Improving ourselves as a network airline is an important part of China Express’s strategy. It meets the national interest, industry trends, and the immediate needs of people. We will continue to uphold our unique value and assist communities through better air services. In turn, this drives economic development and social progress. 

How important is the drop in the price of oil?

It is very important. As we all know, the cost of fuel is the main cost of airlines, accounting for about 30%. This proportion will fluctuate as the price changes. Therefore, the drop in oil prices is of great benefit to all airlines and can significantly reduce airline costs.

It will benefit our clients too. The government encourages a link between ticket and oil prices. Falling oil prices mean that ticket prices have more room to float, and clients have the opportunity to enjoy a lower-priced flight, which makes air travel more competitive and helps economic recovery at this particular time.

China Express Airlines attaches great importance to fuel saving, which is not only related to the cost control of the company but also to environmental protection. Lower fuel consumption means less carbon emissions.

Our strategy consists of four measures. First is choosing an aircraft that has a better fuel economy performance; second is maximizing the aerodynamics; third is optimizing the parking position and the route; fourth is optimizing the speed of the aircraft.

Can aviation maintain its focus on social and environmental responsibility given the financial hardship facing the global industry?

China Express has always concentrated on corporate social responsibility (CSR). For example, we fund Shuangshi Village Primary School in Qianjiang district.

After the outbreak of COVID-19, our company donated a large number of masks to many small cities in Guizhou province, the Inner Mongolia Autonomous Region, and Chongqing. And we delivered anti-epidemic materials for free even when the company was facing revenue pressure.

As for carbon emissions, in addition to the above we pay attention to the disposal of waste to avoid environmental pollution.

But we also work with Fauna & Flora International, participating in such public welfare projects such as the protection of Huagaimu (an endangered tree) in Wenshan and protecting migratory birds in the Sanjiangyuan region.

There is an old saying in China: “No act of kindness, no matter how small, is ever wasted.” Despite COVID-19, we keep doing what we can. We hope that the entire aviation industry will contribute to environmental protection and other public welfare and undertake more social responsibilities in the future.

What other challenges and opportunities do you see for your airline and the global industry going forward?

Of course, the biggest challenge is the epidemic. But challenges and opportunities coexist. We should not put ourselves in a merely defensive position, but also assess the possibility of turning this crisis into opportunities. It provides a chance to re-prioritize our business, improve our service, and transform our company and the whole industry.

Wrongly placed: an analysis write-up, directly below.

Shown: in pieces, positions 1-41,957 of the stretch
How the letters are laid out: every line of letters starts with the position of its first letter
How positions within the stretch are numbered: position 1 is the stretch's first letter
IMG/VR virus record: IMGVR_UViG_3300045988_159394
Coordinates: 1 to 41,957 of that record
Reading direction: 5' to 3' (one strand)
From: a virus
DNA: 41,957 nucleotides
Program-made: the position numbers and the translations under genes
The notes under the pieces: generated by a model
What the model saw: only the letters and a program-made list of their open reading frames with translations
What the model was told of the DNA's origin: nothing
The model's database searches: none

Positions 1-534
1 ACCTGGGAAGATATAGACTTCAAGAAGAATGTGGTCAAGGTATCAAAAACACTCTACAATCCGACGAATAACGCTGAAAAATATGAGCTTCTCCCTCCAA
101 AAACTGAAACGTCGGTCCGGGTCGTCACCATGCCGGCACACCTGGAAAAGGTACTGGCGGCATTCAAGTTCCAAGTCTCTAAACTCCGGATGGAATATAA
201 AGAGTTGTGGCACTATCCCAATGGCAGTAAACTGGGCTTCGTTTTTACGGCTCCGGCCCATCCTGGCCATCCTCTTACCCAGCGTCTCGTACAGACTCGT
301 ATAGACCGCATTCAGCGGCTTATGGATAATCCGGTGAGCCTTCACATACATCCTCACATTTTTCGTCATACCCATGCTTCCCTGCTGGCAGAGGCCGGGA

In a broad sense, China‘s regional air transportation market still has huge potential. According to the data, there are still one billion people who have never travelled by air. Most of the potential customers are in small and medium-sized cities or rural areas, which means there is still a huge market that has never been explored.

In the United States, there are nearly 19,000 basic airports. In China, there are only 202.

And we must emphasize the benefits of aviation, including jobs and economic development in so many areas.

After the epidemic, we think people will re-focus on health, which means high-quality agricultural products will be more in favor. We can take advantage and bring local high-quality agricultural products to the whole country quickly.

Are you expecting demand to bounce back quickly or will the virus affect how people view air travel in the future?

We are optimistic. After SARS in 2003, we saw a rebound in household consumption. We estimate that when the epidemic has passed, the previously suppressed travel demand will be released and the aviation industry will enter a strong recovery period.

People will pay more attention to their health though. Being in a closed environment may make people worry. But if you need to travel, flying is the best option. The shorter the journey time, the lower the probability of being infected during the journey. And air quality in the cabin is comparable to an operating room in a hospital. It is a controlled environment, which will be a positive selling point.

So, though the outbreak of COVID-19 is a bad thing for the aviation industry in a short term, in the future it may make more and more people prefer air travel for their journeys.

What does IATA membership mean for your airline?

China Express is very thankful for IATA’s strong support. We joined in 2017 and we have gained insight into international standards in safety, service, and technical capabilities. In line with China’s Belt and Road strategy, China Express will continue to expand communication and cooperation with our overseas partners, learn and apply new technologies, new thought, and new business models. This is important as we look to expand our international business to serve our customers and partners.

And we are very willing to share the experience and wisdom from China Express and China civil aviation with the world too.